A young mum who suffered perinatal depression is sharing her story in the hope it shines a light on the struggles new mothers and pregnant women face, encouraging other wāhine Māori to get the help they need.
It follows a heartbreaking report released this week by the Helen Clark Foundation which revealed suicide as the country’s leading cause of death in pregnancy and for new mums. Wāhine Māori are particularly at risk, three times as likely to die in that way as pākehā.
Tiana Kiro fell pregnant with her first child at 19. She told Te Karere her pregnancy wasn’t planned, and with little support around her at the time, she became depressed.
The idea that she would be discriminated against for becoming another "new mum statistic" left her feeling helpless.
"I felt scared in all honesty, knowing I wasn’t ready for the baby. I knew I was going to get a lot of judgment around my age and being a young mum."
"Being scared is okay, being scared to get help is okay."— Tiana Kiro
Zoe Hawke, chief executive of E Tipu E Rea Whānau Services, an Auckland-based organisation that works to support parents and whānau, said Kiro's experience is common.
"We know that the wellbeing and mental health of our young whānau is challenged daily, and our role in this mahi is to raise awareness so that people know that actually, our young whānau don’t need judgement, they don’t need to be discriminated against, cause sadly they are.
"What we want is more people speaking to this issue so that's our role, wherever we can we will speak to the fact that our society, our legislation, it's all geared up to discriminate and make our young māmā, our young whānau, feel really bad about who they are."
Though Kiro is still learning about her mental health struggles and how to deal with them, she's now in a much better space.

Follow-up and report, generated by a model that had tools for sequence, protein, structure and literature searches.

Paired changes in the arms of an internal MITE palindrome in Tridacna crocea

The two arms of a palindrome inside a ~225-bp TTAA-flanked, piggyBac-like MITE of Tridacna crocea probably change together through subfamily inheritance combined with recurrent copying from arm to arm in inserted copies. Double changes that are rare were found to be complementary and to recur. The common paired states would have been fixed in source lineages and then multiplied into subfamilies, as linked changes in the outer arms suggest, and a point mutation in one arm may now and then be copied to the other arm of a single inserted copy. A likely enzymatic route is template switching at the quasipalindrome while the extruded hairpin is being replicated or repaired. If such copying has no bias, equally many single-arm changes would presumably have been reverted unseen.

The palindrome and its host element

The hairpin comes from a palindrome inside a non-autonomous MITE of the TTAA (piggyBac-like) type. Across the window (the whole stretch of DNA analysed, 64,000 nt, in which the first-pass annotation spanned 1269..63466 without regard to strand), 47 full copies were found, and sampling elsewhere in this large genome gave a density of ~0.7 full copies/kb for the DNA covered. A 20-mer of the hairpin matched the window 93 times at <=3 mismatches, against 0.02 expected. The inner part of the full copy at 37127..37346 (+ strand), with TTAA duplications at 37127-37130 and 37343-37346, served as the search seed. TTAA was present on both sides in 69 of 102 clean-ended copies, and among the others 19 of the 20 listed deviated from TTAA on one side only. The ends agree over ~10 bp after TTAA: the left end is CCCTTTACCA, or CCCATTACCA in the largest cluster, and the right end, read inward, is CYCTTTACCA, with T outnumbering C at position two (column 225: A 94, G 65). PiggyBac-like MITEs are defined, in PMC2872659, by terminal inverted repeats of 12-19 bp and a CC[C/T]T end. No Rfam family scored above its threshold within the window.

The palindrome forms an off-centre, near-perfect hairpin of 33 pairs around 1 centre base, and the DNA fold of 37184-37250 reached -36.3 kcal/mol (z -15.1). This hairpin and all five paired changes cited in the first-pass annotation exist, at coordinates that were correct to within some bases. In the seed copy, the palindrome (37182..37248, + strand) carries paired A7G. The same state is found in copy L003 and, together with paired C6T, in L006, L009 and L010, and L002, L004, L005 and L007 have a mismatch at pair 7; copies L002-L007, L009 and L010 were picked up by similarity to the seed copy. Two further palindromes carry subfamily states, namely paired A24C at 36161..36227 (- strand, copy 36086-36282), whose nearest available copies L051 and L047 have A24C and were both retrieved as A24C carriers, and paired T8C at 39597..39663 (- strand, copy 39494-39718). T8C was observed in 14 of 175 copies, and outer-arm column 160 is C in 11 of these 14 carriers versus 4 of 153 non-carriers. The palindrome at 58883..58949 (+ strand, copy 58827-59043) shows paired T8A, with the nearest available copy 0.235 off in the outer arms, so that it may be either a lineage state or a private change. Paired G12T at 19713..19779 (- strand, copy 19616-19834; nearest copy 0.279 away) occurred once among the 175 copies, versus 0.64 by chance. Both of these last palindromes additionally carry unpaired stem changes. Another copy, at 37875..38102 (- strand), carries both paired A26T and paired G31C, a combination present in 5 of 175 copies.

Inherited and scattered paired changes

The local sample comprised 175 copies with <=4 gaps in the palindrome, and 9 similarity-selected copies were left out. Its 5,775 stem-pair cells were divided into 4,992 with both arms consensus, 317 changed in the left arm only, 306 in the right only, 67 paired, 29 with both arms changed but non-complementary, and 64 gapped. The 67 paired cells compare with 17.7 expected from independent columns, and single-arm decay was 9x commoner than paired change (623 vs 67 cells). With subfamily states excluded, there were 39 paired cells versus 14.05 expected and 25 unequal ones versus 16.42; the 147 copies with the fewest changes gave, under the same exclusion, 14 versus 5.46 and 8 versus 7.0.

"I know it can be hard, it has stopped me a lot from doing things that I've wanted to do with my baby, especially with my anxiety. Simple things like taking him to the park, taking him for a walk take the life out of me, if anything."
A turning point for her was building up the confidence to ask for help and connecting with a social worker from E Tipu E Rea, who she said changed her life.
"I saw myself as a statistic because I was looking at myself as a statistic and it put me in that mindset of following it.
"Whereas she, she made me understand that it's not going to be easy at any age, no matter, regardless of age."
The organisation helped her to figure out who she was outside of being a māmā, something she had really struggled with.
"I didn’t know what I wanted as a career, I didn't really have hobbies."
She said the support helped ease the societal pressures of being a "perfect mum", something she was fixated on which had severely impacted her mental wellbeing.
"I used to always want to be the best of the best, this perfect mum and as far as I'm concerned, I'm already that."
Kiro is now studying to become a police officer. She and her baby have just moved into their own place, and she's constantly working on her mental health.
She wants all new mums and parents-to-be to know that feeling scared is okay, but that support is there when they’re ready.
"It is scary, I know it is scary, definitely, especially as a first-time mum - but accept the help that's there at the end of the day. Our babies are worth it, and that's who we’re trying to do it for mainly.
"Being scared is okay, being scared to get help is okay."